Birdsong – nature's music

Posted on 12 April 2013

The first music our species ever heard was undoubtedly the songs of birds. Feathered mini-dinosaurs have been trilling from trees for much longer than there have been human ears to hear them – and the songs they sing still inspire us.

The melodies of many great composers were filched from birds and, today, with recording equipment or a good musical ear, their violation of avian copyright can be detected.

The famous opening bars of Beethoven’s Fifth Symphony is a direct crib from the white-breasted wood wren and the beginning of his Violin Concert in D, Opus 61, is from a blackbird. At the end of the second movement of his Pastoral Symphony, a clarinet does the perfect imitation of a cuckoo. In fact, his music is littered with birdsong.

The thrilling cascade at the opening of Chopin’s extraordinary Etude in C Minor is, note for note, that of the canyon wren. Olivier Messiaen’s flute piece Le Merle Noir was based entirely on the song of the blackbird and his orchestral work, Réveil des Oiseaux, is blended from the dawn bird chorus in the Jura Mountains of the composer’s native France.

Messiaen began this focus in a Nazi prison camp in 1940 while composing The Quartet for the End of Time, his first piece to use birdsong and one of his greatest. Years later he wrote: ‘In my hours of gloom, when every musical idiom appears to me as no more than admirable painstaking experimentation, what is left for me but to seek out the true face of music somewhere off in the forest, among the birds.’

Composer Jonathan Harvey has combined recordings of birds’ songs, their pitch and rhythm lowered and slowed down, in his Piano Concerto with Birdsong.

In Stravinsky are patterns that match a bird from the region where he worked. Mozart used the song of his pet starling in a concerto (birds reportedly like listening to his music). Vivaldi wrote a concerto to a goldfinch and birdsong can be identified in the works of Mahler, Delius, Ravel, Wagner and many others.

Our debt to birdsong may go deeper than this, however. In Kerula, southern India, Brahmans teach their sons sacred mantras that aren’t any known language and are said to go back to ‘before time’. Frits Staal, a researcher from Berkley University in the USA, found their sound patterns related to birdsong and nothing else. He proposed that the mantras come from a pre-language era and that human speech may have developed in imitation of birdsong.

At least 20 per cent of birds are what’s termed open-ended learners – they innovate. The blackbird, for example, starts his song at the beginning of spring with a number of simple phrases upon which he elaborates over the next three months, by which time he’s composed a substantial musical piece. The following year it will be a different song. There’s no scientific explanation as to why he does this, other than because he can and because he enjoys singing.

Birds, however, also imitate our sounds and are changing their tune because of us. Some do it by direct mimicry and top of this class isn’t the parrot, but the Australian lyrebird. They sound in their pursuit of a new tune to attract a mate: the clicking of cameras, chainsaws, drills and car sirens.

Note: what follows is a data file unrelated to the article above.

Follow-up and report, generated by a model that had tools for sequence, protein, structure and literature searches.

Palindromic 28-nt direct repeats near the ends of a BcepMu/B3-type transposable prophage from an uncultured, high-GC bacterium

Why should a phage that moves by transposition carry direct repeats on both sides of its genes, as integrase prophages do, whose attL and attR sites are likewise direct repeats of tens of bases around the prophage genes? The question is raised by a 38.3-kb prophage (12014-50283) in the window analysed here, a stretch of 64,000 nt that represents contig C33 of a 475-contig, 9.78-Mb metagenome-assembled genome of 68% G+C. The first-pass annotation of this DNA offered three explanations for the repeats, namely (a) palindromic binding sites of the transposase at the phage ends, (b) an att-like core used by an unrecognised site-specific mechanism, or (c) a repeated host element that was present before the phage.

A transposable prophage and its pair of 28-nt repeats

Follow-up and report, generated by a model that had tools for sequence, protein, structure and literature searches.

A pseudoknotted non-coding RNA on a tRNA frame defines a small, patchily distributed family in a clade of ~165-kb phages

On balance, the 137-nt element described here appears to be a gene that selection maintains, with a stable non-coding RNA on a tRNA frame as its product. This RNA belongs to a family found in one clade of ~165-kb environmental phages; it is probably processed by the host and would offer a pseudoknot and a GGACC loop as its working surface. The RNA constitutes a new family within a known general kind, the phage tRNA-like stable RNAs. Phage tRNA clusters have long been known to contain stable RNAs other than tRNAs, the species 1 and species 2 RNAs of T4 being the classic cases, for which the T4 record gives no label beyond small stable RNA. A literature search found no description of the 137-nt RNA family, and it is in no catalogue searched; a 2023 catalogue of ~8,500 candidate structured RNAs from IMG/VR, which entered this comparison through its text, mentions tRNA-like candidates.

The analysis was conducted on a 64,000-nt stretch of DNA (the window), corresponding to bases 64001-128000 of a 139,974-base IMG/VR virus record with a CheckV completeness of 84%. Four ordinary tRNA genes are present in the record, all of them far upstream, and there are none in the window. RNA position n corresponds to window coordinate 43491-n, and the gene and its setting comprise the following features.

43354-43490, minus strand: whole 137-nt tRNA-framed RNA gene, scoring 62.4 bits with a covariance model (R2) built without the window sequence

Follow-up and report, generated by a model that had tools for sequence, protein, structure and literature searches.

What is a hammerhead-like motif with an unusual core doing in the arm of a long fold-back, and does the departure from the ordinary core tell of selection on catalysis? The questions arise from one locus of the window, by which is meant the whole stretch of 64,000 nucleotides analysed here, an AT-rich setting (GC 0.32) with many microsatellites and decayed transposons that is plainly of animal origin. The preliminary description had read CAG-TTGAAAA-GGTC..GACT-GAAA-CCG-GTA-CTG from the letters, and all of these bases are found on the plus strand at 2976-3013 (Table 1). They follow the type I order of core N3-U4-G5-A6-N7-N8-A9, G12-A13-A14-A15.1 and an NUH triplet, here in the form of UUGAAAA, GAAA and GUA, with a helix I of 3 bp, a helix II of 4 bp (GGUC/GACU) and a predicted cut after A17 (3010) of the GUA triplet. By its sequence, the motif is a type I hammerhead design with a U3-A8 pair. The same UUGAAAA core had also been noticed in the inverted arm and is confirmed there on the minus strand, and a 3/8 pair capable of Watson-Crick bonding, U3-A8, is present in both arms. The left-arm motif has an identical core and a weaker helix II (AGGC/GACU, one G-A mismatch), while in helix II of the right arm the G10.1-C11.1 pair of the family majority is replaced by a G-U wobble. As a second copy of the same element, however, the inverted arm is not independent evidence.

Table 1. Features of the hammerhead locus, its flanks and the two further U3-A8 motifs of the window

In 1969, ranger Sydney Curtis heard a lyrebird producing flute sounds in New England National Park on the coast of New South Wales. After some sleuthing, he discovered that in the 1930s a neighbouring farmer had played the flute for a pet lyrebird which had then escaped. When ornithologist Norman Robinson studied the call, he discovered that males in the area were singing two popular songs from the period: The Keel Row and Mosquito’s Dance – 70 years later.

We’re also limiting birdsong with our noise. Biologists at the Netherlands’ University of Leiden, Hans Slabbekoorn and Ardie den Boer-Visser, found that birds in cities are changing their songs. They’re speeding up their tunes by shortening the first note and pauses while dropping the low notes.

The reason, they found, is that the sonorous dawn and dusk mating song of the red-blooded male broadcasting his readiness to breed is being lost in the deep growl of rush-hour traffic. Instead, what’s getting the attention of females is the geeky peeps of a new generation of hipsters with an ear for the right pitch. This has happened over the past 30 years and the new dialects are trickling back into the countryside.

Male birds sing to defend their territory and demonstrate their breeding fitness to an attentive female. The more varied their repertoire, the greater their chance of luring a mate. Low notes are lost in the traffic, while frequencies that are too high bounce off the hard surfaces of buildings and confuse. So urban sexual selection favours the mezzo-sopranos.

Which brings me to the hadeda. In almost any Southern African city these days dawn breaks to their high-pitched shriek. They were once heard in only the forested areas of the Great Rift Valley but are now everywhere, even Cape Town.

I was high in the Simien Mountains overlooking the Rift in Ethiopia one day when the hadeda’s closest relative, the wattled ibis, landed in a tree near me. But instead of going ‘ha-eek-ah’ it went ‘aah-grr’ very deeply and looked around, as these birds do, for applause.

Now the wag’s version around where I live is that hadedas go ‘ha-eek’ as they fly because they’re afraid of heights. But a more likely reason is that all they’re trying to do is be heard above the roar of traffic. It’s not music to our ears, but who can blame them?

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